by Erisbelia Garriga
Puerto Ricans have their roots in three ethnic groups: the Taino Indians (the original inhabitants of Puerto Rico), the Spanish who colonized the island in 1493, and the Africans who were brought to work on plantations as slaves. Over time Puerto Rico has also had the influence of others, such as French, Italian, and American.
This family cookbook will introduce the reader to our treasured classic Puerto Rican recipes as well as new ones. It is a collection of family recipes and the result of my experimentation with them. It is about innovation, taking simple ingredients and playing them off each other. The majority of the recipes are from my parents, others are personal and a few others from family members and friends. There are variations and familiar dishes were recreated, sometimes using substitute ingredients. Though family members, using the same ingredients, will prepare similar dishes in a different way, the end result is, nonetheless, a delicious, enjoyable dish.
Many of the recipes contain a number of ingredients, which can be substituted or omitted. I suggest trying the recipe with all the ingredients it calls for the first time, even a second time, and thereafter add/reduce/omit those that you do not like or do not have, or cannot find in your grocery store. Before eliminating an ingredient, make sure you taste what you are cooking for that Spanish flavor. Sugar and salt are left to you to vary them according to taste. Most supermarkets, grocery stores or bodegas carry the ingredients found in this book. Look for the sign post that says Spanish products. With modern technology, anyone can order virtually any ingredient needed to prepare a special recipe using the internet. Page 37 of the book provides some sources where you can order special ingredients that cannot be found in supermarkets close to home.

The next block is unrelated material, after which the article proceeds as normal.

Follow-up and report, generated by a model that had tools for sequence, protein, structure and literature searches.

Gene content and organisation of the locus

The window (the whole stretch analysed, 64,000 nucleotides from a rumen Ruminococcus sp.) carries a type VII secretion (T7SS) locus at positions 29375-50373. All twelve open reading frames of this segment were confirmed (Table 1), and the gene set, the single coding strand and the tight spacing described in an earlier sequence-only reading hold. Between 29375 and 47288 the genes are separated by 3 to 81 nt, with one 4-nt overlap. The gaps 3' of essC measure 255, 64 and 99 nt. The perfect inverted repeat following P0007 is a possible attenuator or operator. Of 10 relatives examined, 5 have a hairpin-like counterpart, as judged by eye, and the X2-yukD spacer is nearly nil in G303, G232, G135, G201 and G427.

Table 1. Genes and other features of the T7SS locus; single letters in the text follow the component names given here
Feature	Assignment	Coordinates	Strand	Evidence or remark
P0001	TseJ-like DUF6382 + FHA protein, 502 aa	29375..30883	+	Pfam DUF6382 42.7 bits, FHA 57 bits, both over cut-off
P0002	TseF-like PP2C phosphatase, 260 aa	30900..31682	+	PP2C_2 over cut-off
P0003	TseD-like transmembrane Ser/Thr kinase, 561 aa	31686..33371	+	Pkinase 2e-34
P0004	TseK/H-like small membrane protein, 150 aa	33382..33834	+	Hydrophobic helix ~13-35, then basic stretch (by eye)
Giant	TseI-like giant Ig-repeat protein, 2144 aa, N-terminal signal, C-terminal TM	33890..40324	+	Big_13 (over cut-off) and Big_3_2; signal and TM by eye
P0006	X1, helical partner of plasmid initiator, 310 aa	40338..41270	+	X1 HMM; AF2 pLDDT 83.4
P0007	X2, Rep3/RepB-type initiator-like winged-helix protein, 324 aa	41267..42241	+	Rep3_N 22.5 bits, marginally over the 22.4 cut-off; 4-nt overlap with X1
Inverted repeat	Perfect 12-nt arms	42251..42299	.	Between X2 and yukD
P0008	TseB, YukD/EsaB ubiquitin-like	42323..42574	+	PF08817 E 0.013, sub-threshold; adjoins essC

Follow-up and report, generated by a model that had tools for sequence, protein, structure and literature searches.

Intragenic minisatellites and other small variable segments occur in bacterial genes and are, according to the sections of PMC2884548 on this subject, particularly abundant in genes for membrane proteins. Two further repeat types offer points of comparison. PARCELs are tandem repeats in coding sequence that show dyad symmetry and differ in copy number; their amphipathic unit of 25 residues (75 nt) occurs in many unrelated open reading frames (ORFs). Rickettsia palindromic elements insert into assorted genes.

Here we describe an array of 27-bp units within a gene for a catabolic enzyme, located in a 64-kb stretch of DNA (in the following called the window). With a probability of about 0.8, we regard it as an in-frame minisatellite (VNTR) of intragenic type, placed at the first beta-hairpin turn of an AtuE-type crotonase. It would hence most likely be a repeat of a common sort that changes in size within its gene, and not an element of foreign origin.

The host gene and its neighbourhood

Many varieties of tropical foods are associated with Puerto Rico. However, most of them were brought from other parts of the world. Some of our vegetables have different names, depending on the supermarket, the region or country you visit. Cooks may find that the same food item has a different name in another Spanish country. On page 168 there is a list with photos of the various root vegetables (tubers) that are used in the Puerto Rican cuisine. For those who are vegetarian, most of our Puerto Rican dishes will fit into their diets. Be creative by buying those products that are in season. They are fresher and will cost less than when bought off-season.
Generally, Puerto Ricans do not go to a restaurant to enjoy a good meal.
Puerto Ricans tend to cook for their immediate family and for "just in case" somebody else shows up for visiting. Here, we have tried to keep measurements of recipes for a minimum number of people: 4, 6 to 8 persons. For most Puerto Ricans almost any occasion (e.g., wedding, graduation, a birthday, baptism and so on) is a reason to celebrate it with food and music. The kind of food served nowadays has changed during the last decade due to various factors: the economic situation, scarcity of some products, lack of cooking skills in the new generation, American fast food influence, and for some people cooking can be a chore rather than a pleasure.
When we visited another town or go to the beach, my mother would prepare arroz con pollo and red beans with a salad. She would get up at 4 or 5 in the morning to cook food that we would eat for lunch or as soon as we felt hungry. We would stop along the road, under a shady tree to have our picnic lunch.